BEIRUT — At least 28 pro-government fighters have been killed in a string of blasts at a regime airbase in central Syria earlier this weekend, a monitor said Sunday as it upped the death toll.
The deadly explosions tore through weapons and fuel depots on Friday at a military airport in Syria’s Hama province, according to the Syrian Observatory for Human Rights.
“The toll has gone up to at least 28 regime forces and loyalist fighters, all Syrian,” said the Britain-based monitor, after initially reporting 11 killed.
It said the death toll could rise as “dozens” are wounded and “some of them in critical condition,” it said.
Observatory head Rami Abdel Rahman said there may also be casualties from other nationalities, as fighters from regime backer Iran and the Lebanese terror group Hezbollah were deployed there.
But a joint operations room of Syria’s regional allies denied any of their forces had been killed in the explosions.
“We have no military advisers in the Hama airbase. We have no depots and have not positioned forces from Iran or elsewhere at this airport,” it said in a statement carried on Hezbollah’s War Media Channel.
Syrian state media reported the blasts at the time but did not provide any details, while the Observatory had said they were likely due to a technical malfunction.
A rebel group called Saraya al-Jihad took responsibility for the attack, but the claim could not be independently verified.
#Syria: Saraya Jihad claims infiltration operation which led to destruction of W. part of #Hama Airbase yesterday & releases photos from inside the Airbase. Ammo depots & workshop w/ 150+ tons of explosives detonated. pic.twitter.com/83hOvza6Ka
— Qalaat Al Mudiq (@QalaatAlMudiq) May 19, 2018
The Sky News Arabia outlet reported that the explosions were caused by an attack on an advanced Iranian air defense system.
The blasts came soon after midday, as the region experienced a scorching heat wave. Almost all previous Israeli airstrikes on targets in Syria have been late at night or in the pre-dawn hours.
According to Sky News, the target of the strike was an Iranian Bavar 373 long-range missile defense system, a state-of-the-art model that was unveiled in 2016 and put into service in March 2017. Iranian officials compare the system to the Russian-made S-300 system, which is considered a powerful air defense platform.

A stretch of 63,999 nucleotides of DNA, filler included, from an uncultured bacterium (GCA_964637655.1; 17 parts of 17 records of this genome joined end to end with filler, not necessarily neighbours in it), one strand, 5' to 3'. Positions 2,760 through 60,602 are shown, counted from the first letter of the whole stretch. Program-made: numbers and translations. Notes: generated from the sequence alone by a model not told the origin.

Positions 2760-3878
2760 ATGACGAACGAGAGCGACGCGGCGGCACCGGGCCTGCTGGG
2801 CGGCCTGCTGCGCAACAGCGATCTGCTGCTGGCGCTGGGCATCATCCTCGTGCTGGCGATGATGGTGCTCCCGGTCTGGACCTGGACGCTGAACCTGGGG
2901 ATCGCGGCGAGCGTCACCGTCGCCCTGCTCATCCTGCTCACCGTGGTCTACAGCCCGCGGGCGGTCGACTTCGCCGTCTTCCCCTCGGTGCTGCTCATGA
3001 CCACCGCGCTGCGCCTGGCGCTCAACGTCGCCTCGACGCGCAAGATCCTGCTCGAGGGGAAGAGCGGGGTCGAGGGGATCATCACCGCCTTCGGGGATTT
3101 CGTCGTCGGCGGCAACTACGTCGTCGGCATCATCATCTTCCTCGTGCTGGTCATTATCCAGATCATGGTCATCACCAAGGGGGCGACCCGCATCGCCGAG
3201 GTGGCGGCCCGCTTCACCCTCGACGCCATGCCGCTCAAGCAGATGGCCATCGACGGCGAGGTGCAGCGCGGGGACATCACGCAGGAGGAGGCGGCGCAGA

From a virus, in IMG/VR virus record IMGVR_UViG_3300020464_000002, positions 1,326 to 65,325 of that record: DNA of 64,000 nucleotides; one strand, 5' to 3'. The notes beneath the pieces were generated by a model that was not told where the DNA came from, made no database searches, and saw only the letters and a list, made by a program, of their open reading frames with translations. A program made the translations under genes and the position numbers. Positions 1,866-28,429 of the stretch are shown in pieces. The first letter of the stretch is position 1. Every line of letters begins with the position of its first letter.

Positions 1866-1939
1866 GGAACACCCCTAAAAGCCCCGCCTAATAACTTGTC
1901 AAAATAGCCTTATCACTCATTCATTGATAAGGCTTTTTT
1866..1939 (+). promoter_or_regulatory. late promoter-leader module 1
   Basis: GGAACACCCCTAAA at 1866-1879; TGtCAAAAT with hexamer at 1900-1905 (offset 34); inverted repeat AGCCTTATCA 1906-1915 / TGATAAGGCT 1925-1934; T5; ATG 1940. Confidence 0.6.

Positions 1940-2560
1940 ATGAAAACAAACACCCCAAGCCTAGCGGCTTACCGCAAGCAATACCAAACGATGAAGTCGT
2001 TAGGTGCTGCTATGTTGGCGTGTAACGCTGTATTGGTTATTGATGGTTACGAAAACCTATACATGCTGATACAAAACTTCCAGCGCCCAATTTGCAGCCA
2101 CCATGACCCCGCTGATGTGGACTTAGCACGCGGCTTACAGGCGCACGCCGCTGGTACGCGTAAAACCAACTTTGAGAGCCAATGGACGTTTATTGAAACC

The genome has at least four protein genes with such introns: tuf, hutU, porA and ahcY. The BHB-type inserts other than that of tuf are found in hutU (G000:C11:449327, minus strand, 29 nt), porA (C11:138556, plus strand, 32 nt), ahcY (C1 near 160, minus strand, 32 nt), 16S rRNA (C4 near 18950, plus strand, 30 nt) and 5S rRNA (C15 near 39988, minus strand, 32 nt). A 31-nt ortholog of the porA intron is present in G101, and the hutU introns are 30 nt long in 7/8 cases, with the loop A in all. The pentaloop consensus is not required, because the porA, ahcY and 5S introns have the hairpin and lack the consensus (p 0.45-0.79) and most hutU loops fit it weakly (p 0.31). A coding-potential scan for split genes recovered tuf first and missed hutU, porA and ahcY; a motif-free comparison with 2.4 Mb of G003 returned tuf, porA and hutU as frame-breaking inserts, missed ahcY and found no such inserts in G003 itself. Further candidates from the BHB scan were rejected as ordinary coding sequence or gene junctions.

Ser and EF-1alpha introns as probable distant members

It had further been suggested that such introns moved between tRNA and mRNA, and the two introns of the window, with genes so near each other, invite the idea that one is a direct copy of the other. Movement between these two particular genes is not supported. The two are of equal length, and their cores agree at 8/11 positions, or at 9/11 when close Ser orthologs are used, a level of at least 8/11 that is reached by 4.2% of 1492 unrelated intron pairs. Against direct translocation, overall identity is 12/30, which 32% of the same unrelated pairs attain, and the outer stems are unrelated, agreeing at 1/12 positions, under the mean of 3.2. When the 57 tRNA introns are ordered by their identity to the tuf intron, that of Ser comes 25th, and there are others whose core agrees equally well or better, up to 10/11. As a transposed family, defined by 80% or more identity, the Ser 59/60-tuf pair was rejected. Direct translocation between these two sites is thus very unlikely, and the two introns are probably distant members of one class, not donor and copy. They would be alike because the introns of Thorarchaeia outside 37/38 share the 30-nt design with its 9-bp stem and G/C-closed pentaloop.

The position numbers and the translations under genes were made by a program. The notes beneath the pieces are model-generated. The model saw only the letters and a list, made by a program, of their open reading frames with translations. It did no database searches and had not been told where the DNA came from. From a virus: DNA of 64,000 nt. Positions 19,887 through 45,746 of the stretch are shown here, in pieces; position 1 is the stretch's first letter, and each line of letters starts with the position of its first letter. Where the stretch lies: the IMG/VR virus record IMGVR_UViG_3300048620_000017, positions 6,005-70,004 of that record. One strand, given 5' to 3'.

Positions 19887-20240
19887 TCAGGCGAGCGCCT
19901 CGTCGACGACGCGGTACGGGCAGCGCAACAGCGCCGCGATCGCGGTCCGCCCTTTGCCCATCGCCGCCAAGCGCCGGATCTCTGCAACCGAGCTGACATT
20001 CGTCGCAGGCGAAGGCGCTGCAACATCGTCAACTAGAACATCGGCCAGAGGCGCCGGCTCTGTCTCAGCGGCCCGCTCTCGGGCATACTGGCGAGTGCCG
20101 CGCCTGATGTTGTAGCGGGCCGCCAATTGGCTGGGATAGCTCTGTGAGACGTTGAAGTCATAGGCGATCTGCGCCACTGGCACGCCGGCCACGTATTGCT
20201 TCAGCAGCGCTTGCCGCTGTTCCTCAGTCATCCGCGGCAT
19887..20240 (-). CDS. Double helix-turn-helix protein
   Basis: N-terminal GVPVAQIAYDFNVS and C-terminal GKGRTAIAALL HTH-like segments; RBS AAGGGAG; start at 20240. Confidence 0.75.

Video footage from the scene, posted to social media, showed a huge cloud of smoke rising out of the military air field.
— Qalaat Al Mudiq (@QalaatAlMudiq) May 18, 2018
On the night of April 29, the Israeli Air Force carried out missile strikes against a nearby military base, just south of Hama, and another facility in Aleppo, in northern Syria, which Israel believes were used by Iranian forces.
Those air raids were said to have destroyed some 200 missiles and killed at least 26 fighters, mostly Iranians.
After maintaining an official policy of refusing to comment on such strikes, the Israeli military last week revealed that it had been conducting air raids against Iranian targets in Syria as part of a mission dubbed “Operation Chess.”
The purpose of “Operation Chess” was to prevent Iran from carrying out reprisals for an Israeli airstrike against the Iranian-controlled T-4 air base in central Syria on April 9, which killed at least seven members of the Islamic Revolutionary Guard Corps, including a senior officer responsible for its drone program.
Iran had also used the T-4 base to launch an attack drone carrying explosives into Israel in February, according to the Israel Defense Forces; the drone was shot down.
The IRGC’s al-Quds Force in southern Syria launched 20 rockets at northern Israel last week. Four of the rockets were intercepted by Israeli air defenses, the army said, and the rest fell short of the border.
In response, the Israeli Air Force conducted strikes against over 50 Iranian military targets in Syria and destroyed several Syrian air defense systems that had fired on Israeli jets, the army said.
Israeli officials have repeatedly stated that the Jewish state will not accept Iranian entrenchment in Syria and is prepared to take military action in order to prevent it.
Last week, the Israeli army reportedly told senior ministers that it believes the current round of hostilities was over, but tensions in the north will persist, and that border incidents are still possible.
Judah Ari Gross and Times of Israel staff contributed to this report.